It was quite the encore performance for Cook, who has totaled 478 scrimmage yards and six touchdowns this November, enabling Minnesota's offense to build off the run game for highly effective play-action passes.
Minnesota also totaled three interceptions, including picks by Eric Wilson and Eric Kendricks in the red zone and the 25th of Harrison Smith's career. It was the first time of 2020 for an opponent to commit more than one turnover in a game and the first game with a hat trick of picks since Dec. 15, 2019, when the Vikings picked off Philip Rivers thrice and forced seven total turnovers.
Here are three stats that stood out:
1. 'Remarkable' Rushes
The Chef sliced and diced his way through a defense for the second straight week and turned in the greatest gain on a "remarkable" run in Week 9 (excludes Monday's game).
According to Next Gen Stats, Cook was expected to gain 7 on his 70-yard scoring scamper that put the game on ice, which means the gain was 63 yards more than expected.
Cook broke through a tackle attempt by defensive lineman John Penisini, then zipped away. He could have been helped by the fact that Detroit only had 10 defenders on the field for the play, but it was impressive nonetheless.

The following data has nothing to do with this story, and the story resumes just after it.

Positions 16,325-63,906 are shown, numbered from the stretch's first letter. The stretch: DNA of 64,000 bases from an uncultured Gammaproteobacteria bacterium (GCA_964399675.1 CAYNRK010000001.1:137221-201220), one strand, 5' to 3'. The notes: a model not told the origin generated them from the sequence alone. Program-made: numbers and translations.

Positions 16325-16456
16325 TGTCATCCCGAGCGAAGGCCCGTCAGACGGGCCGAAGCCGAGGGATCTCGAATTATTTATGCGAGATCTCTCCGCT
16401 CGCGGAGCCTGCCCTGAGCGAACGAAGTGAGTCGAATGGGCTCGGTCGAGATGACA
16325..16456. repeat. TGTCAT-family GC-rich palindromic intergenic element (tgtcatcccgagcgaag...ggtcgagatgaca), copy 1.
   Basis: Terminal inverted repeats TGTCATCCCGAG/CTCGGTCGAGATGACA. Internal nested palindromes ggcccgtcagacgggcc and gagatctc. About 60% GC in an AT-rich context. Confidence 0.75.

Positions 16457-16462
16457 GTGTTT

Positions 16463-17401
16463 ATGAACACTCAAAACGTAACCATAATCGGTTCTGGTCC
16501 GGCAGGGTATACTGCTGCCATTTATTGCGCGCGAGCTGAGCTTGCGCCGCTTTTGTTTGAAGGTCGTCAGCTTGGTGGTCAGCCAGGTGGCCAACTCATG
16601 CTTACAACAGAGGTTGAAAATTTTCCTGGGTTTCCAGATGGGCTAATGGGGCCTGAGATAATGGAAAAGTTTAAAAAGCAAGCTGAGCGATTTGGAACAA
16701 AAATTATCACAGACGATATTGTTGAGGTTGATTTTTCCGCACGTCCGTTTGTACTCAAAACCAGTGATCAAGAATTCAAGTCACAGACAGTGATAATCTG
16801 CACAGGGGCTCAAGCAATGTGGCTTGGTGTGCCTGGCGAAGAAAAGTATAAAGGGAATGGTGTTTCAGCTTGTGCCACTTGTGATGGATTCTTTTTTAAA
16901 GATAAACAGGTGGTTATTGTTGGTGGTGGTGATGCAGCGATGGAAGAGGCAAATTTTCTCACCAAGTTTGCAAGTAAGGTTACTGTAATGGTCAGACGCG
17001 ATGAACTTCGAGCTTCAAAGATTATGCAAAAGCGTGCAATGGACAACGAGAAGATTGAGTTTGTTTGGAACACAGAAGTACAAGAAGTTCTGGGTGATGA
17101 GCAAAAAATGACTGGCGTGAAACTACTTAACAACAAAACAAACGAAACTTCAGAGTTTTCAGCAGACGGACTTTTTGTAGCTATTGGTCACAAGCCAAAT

Cook also accounted for another remarkable rush by gaining 13 on a play that was expected to gain 0, which was the 10th-greatest positive difference of Week 9.
Backfield backup Alexander Mattison also recorded a pair of remarkable rushes, ranking sixth (a gain of 18 on a play expected to gain 3) and 13th (a gain of 14 on a play expected to gain 3).
2. 0-for-1 on 20+
Last week, we noted that the Vikings were content to make short throws and did not attempt a pass more than 10 yards beyond the line of scrimmage.
This week, Kirk Cousins came out firing and connected for multiple explosive plays early in pristine passing conditions inside U.S. Bank Stadium.
Minnesota picked its shots wisely and then shifted to reduce risk as it protected a multi-score lead for the entirety of the second half.
Perhaps more remarkably, the Lions only attempted a single pass more than 20 yards beyond the line of scrimmage, and that was on the first play of the game, a 45-yard heave by Matthew Stafford to Marvin Hall that Kris Boyd deftly deflected.
Detroit was without receiver Kenny Golladay, and Stafford missed practice all week, but the decision to not take deeper shots when trailing to get a big catch or even a long pass interference penalty is puzzling.
3. Situational strength
The Vikings emphasis on situational football was rewarded in multiple ways against the Lions.
First and foremost, Minnesota didn't commit a turnover and forced three by Detroit (the Vikings haven't coughed up the football in any of their three wins this season).
Secondly, the Vikings scored three touchdowns out of four trips to the red zone and were 2-for-2 when facing a goal-to-go situation. The Lions, however, scored two touchdowns on five trips to the red zone and were just 1-for-3 on goal-to-go situations.
It may sound simple and isn't as jazzy as some of the Next Gen Stats, but that's a blueprint to winning football.